I am Vicki Henry and I am the President of a nationwide organization, Women Against Registry. We exhibit at National Legislative Summits each year as well as at NACDL National Conferences, conduct workshops at Annual Public Defender Conferences to educate on the impact a public registry has on our families. We also speak at events held by other like-minded advocacy groups.
We advocate against a public sex offender registry due to the collateral consequences experienced by our registrant family members, many on a regular basis. According to the NCMEC map, there are 819, 218 men, women and children registered across the nation. That impacts approximately 3 million individual family members. The numbers of registrants is increasing by 2,600 a month so we will be at 1,000,000 within seven years.
Something seldom considered regarding publicly listing a registrant’s employer and/or address is the potential for a person to see that and go there with or without a child and then accuse the registrant of some inappropriate action. Please don’t think that would never happen because there are cases of females who have done just that.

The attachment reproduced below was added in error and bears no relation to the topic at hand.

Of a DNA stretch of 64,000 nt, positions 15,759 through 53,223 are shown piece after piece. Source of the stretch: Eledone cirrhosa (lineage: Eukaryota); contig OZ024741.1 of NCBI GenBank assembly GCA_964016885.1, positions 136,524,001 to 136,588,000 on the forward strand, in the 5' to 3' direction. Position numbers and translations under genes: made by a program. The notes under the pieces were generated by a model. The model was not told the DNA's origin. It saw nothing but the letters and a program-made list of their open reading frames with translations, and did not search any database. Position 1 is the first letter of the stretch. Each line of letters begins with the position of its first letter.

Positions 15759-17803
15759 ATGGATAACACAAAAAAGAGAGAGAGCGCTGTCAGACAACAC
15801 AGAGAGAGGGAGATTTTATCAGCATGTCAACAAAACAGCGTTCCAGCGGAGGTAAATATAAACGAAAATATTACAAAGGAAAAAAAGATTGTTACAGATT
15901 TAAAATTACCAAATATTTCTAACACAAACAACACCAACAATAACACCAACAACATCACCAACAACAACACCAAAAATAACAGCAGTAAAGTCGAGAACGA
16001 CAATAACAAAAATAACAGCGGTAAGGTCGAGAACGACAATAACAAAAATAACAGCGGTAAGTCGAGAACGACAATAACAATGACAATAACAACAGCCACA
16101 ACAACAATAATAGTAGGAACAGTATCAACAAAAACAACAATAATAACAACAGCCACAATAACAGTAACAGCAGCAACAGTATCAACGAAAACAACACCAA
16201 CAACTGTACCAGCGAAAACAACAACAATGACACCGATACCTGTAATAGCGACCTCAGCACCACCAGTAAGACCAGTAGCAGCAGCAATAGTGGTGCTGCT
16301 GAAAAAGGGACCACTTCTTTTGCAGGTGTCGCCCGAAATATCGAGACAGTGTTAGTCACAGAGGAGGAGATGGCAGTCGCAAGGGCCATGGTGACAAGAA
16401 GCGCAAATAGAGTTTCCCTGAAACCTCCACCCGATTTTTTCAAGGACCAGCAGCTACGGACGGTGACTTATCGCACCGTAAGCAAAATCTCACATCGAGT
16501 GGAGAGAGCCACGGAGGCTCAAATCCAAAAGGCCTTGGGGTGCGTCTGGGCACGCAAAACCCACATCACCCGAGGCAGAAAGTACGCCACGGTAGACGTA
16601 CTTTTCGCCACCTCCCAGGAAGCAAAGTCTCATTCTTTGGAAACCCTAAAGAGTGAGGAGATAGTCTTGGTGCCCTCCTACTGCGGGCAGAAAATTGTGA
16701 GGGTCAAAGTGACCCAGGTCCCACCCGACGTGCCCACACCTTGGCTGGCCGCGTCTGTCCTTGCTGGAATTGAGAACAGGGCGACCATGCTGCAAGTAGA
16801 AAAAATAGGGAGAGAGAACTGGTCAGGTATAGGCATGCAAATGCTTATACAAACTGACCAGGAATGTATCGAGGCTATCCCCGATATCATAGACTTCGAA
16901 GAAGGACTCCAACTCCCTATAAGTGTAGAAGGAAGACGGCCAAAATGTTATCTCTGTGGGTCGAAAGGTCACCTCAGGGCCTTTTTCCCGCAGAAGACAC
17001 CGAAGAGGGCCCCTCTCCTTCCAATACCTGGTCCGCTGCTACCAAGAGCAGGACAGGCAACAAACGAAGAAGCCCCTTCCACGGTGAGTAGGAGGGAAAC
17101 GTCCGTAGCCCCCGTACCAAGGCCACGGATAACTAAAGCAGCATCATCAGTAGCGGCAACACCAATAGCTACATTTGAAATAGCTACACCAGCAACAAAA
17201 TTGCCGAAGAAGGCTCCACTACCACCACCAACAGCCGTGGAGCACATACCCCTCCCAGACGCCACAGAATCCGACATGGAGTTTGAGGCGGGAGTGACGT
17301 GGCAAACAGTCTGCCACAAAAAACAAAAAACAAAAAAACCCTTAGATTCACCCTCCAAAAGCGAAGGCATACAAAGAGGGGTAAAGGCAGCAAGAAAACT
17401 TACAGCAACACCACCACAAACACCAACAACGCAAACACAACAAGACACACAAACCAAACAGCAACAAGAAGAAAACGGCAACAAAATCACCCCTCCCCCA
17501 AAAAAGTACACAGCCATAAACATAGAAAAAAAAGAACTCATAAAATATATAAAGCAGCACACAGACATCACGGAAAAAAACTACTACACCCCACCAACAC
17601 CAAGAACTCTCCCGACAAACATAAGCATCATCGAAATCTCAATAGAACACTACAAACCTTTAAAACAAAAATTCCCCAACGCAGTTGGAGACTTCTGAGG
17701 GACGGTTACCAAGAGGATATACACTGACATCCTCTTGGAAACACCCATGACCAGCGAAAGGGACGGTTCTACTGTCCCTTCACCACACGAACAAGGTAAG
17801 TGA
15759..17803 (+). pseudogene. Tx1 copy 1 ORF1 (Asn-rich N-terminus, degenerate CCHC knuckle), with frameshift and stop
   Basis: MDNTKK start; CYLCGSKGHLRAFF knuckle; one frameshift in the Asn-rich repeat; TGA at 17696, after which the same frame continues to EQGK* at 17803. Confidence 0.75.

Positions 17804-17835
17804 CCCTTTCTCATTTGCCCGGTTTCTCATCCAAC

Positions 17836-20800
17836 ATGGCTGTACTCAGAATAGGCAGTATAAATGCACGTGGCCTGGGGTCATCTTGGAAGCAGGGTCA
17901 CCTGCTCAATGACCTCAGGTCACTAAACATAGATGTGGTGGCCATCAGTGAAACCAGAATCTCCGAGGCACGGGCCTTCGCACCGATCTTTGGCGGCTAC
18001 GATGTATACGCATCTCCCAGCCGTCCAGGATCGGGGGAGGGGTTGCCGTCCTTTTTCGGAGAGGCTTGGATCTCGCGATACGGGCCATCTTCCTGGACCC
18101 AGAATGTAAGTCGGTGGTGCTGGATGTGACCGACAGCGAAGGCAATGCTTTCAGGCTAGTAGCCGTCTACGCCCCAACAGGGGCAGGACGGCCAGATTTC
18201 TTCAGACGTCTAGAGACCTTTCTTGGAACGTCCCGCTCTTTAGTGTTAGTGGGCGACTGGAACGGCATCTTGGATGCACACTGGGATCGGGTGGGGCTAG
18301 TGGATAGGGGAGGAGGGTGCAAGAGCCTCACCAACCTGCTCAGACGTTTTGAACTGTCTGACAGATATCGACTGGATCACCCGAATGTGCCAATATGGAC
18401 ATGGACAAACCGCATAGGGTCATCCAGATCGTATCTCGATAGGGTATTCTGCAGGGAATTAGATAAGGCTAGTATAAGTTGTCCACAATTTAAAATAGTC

There are cases where one female has successfully gotten several males convicted and placed on a registry. One I am familiar with involved a military base, a girl and lying.
Please consider the long-term effects on a registrant when, due to their inability to be gainfully employed there is no insurance. Who pays for any care they receive? Also, when they have no 401K or pension for retirement? Again, who will they look to for help? Our families are being annihilated by these laws and restrictions and the irony is they are the population that wants to work and provide for their families.